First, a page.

Welsh Guards veterans of the Falklands War have held a service to mark the 25th anniversary of the bombing of the troop ship Sir Galahad.
It included excerpts of the orginal memorial service from 1982
A total of 48 men, most of them Welsh Guards, were killed when Argentine jets attacked the ship on 8 June 1982.
Around 30 members of the South Atlantic Medal Association gathered at St Mary's Church in Swansea.
Meanwhile, it has been announced that Wales' memorial to the war's 255 UK victims will be unveiled in September.
The destruction of the Sir Galahad by Argentine Skyhawk jets came just six days before the Argentine surrender.
The bombing accounted for one fifth of all British fatalities, many of them Welsh Guardsman preparing to go ashore and join the land war.
Twenty-five years on, Welsh veterans attended a remembrance service at St Mary's Church which has a stained glass window depicting the bombing.
The service, beneath the window at the north end of the church, included elements of the original 1982 memorial service for victims of the attack.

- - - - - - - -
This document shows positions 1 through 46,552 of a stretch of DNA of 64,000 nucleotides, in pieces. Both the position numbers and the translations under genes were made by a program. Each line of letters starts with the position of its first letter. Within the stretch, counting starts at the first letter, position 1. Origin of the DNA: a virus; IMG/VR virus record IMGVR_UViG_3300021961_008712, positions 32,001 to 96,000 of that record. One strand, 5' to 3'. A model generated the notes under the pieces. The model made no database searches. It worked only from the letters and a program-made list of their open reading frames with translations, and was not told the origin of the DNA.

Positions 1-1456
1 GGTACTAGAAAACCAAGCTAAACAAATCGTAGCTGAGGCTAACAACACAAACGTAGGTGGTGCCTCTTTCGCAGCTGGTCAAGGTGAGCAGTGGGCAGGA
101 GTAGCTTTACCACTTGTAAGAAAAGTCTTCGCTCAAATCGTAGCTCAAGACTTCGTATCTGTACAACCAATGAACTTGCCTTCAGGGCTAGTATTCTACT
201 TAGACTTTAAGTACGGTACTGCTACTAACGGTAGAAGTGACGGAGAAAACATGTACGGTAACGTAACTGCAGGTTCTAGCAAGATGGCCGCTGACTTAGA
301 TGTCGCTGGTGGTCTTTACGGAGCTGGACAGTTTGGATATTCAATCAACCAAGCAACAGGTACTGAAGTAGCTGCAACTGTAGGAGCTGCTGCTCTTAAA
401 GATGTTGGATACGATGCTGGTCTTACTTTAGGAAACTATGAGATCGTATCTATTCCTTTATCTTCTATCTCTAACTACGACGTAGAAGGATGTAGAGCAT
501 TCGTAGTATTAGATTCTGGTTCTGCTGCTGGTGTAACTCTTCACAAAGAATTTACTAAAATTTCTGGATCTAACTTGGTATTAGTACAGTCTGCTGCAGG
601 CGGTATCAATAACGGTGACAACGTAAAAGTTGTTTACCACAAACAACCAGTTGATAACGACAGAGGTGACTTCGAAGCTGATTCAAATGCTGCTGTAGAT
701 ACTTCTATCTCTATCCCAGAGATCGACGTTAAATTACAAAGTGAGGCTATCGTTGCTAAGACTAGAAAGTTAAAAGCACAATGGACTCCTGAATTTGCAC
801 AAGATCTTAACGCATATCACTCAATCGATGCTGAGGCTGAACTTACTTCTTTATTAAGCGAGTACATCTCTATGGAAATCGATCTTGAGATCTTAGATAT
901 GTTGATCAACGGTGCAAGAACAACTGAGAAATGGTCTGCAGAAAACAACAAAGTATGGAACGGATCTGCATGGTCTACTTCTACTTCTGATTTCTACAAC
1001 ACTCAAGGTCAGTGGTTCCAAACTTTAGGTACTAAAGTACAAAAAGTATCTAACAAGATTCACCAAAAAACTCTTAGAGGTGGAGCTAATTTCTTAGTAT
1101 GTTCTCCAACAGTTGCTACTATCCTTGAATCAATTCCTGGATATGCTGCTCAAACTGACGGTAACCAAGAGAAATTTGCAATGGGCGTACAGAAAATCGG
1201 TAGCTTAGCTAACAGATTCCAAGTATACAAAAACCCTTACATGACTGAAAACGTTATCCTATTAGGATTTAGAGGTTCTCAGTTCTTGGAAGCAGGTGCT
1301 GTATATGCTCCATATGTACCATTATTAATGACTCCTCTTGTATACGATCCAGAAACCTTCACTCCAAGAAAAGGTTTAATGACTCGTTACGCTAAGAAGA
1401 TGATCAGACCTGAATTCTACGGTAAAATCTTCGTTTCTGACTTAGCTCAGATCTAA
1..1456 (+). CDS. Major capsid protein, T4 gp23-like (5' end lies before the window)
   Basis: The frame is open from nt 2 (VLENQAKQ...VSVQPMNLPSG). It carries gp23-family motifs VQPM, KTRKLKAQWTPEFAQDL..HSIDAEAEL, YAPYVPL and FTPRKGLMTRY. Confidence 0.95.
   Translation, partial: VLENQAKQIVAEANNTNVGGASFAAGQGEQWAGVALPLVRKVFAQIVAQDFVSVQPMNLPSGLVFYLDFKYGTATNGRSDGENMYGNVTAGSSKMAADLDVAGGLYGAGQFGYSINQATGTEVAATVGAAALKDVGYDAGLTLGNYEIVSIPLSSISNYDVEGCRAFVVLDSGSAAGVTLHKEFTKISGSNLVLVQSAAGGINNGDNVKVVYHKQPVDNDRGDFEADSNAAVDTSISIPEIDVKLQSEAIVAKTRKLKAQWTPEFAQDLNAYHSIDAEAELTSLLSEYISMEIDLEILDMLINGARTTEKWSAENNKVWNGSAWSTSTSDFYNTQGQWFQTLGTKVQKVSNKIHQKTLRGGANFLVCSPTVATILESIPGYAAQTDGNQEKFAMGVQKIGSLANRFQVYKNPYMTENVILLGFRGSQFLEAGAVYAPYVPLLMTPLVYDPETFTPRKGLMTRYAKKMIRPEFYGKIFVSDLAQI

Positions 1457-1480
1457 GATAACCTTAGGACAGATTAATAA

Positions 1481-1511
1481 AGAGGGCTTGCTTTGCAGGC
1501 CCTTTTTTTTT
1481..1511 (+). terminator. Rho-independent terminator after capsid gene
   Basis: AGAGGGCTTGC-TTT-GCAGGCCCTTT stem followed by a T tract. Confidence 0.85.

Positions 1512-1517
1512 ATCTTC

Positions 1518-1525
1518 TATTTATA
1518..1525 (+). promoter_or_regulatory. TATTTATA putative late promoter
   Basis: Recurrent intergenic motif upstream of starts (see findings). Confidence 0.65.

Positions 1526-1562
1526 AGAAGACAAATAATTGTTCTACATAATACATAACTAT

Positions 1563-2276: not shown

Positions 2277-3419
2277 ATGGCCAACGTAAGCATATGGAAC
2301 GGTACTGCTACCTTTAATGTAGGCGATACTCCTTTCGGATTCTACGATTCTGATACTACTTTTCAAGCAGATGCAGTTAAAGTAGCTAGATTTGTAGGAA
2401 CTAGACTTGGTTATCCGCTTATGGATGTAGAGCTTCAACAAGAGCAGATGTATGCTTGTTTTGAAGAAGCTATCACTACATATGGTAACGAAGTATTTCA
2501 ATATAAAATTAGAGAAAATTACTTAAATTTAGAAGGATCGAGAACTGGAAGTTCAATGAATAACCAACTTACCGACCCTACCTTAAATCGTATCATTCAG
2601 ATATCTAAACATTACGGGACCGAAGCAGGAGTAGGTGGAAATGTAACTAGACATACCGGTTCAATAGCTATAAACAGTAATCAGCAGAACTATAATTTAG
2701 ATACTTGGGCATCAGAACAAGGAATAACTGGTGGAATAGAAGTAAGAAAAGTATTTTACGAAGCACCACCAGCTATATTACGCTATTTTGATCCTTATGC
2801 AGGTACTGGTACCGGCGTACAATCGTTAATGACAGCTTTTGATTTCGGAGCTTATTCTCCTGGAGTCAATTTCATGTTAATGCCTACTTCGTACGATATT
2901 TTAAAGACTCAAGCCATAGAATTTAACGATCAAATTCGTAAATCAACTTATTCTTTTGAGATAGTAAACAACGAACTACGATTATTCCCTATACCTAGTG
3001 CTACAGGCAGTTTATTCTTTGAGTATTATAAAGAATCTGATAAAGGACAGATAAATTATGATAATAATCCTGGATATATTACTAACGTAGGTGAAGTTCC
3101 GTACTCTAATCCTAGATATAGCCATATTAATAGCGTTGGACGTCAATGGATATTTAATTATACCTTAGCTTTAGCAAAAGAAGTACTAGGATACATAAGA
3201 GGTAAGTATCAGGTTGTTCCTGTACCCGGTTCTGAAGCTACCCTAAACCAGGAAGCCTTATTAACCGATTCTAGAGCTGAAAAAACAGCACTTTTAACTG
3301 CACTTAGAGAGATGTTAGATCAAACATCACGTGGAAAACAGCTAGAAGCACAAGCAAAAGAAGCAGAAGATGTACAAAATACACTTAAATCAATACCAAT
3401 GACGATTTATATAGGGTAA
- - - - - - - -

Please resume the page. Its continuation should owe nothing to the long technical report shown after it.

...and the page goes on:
It included the playing of the Dire Straits song, Brothers in Arms, which has a special significance to the veterans.
The Rev Andrew Vessey, who led the informal service, spoke of the fallen comrades and those left stricken with memories, who continue to suffer.
Rev Vessey said men had "given their lives in the teeth of battle for a group of islands where people wanted to live in freedom".
Afterwards, one of the veterans Rob Nicholls said: "We were quite amazed at the numbers who turned up, there were 25 to 30 guys."
A memorial service will also be held later at Fitzroy on the Falklands.
A commemoration of the conflict in Cardiff has also been announced for 30 September, which will include the unveiling of a Welsh national memorial to the British fallen.
A significant part of the memorial will be a five-tonne rock given to the Welsh veterans of the conflict by the people of the Falklands.
The stone was brought from Mount Harriet, a battle site where Welsh Guards supported the Royal Marines.
The stone was chosen by Andy Jones, secretary of the South Atlantic Medal Association in Wales, who was a 19-year-old Welsh Guardsman on the Sir Galahad on the day of the 1982 attack.
He said: "It means an awful lot to all the veterans to see their comrades' names on a national Welsh memorial.
"Most veterans who were aboard or knew people aboard the Sir Galahad mark 8 June in their own way.
"It's quite an upsetting date in their calendar. Some of them certainly will be suffering today - more so than usual."
Mr Jones, now a prison officer in Cardiff, said of the bombings: "You were picked up and thrown like a feather in the wind. Every bit of breath was forced out.
"There was a huge orange flash and the heat was coming through your eyes. It was like needles."
The Falklands War cost the lives of more than 650 Argentine and more than 250 British servicemen and women.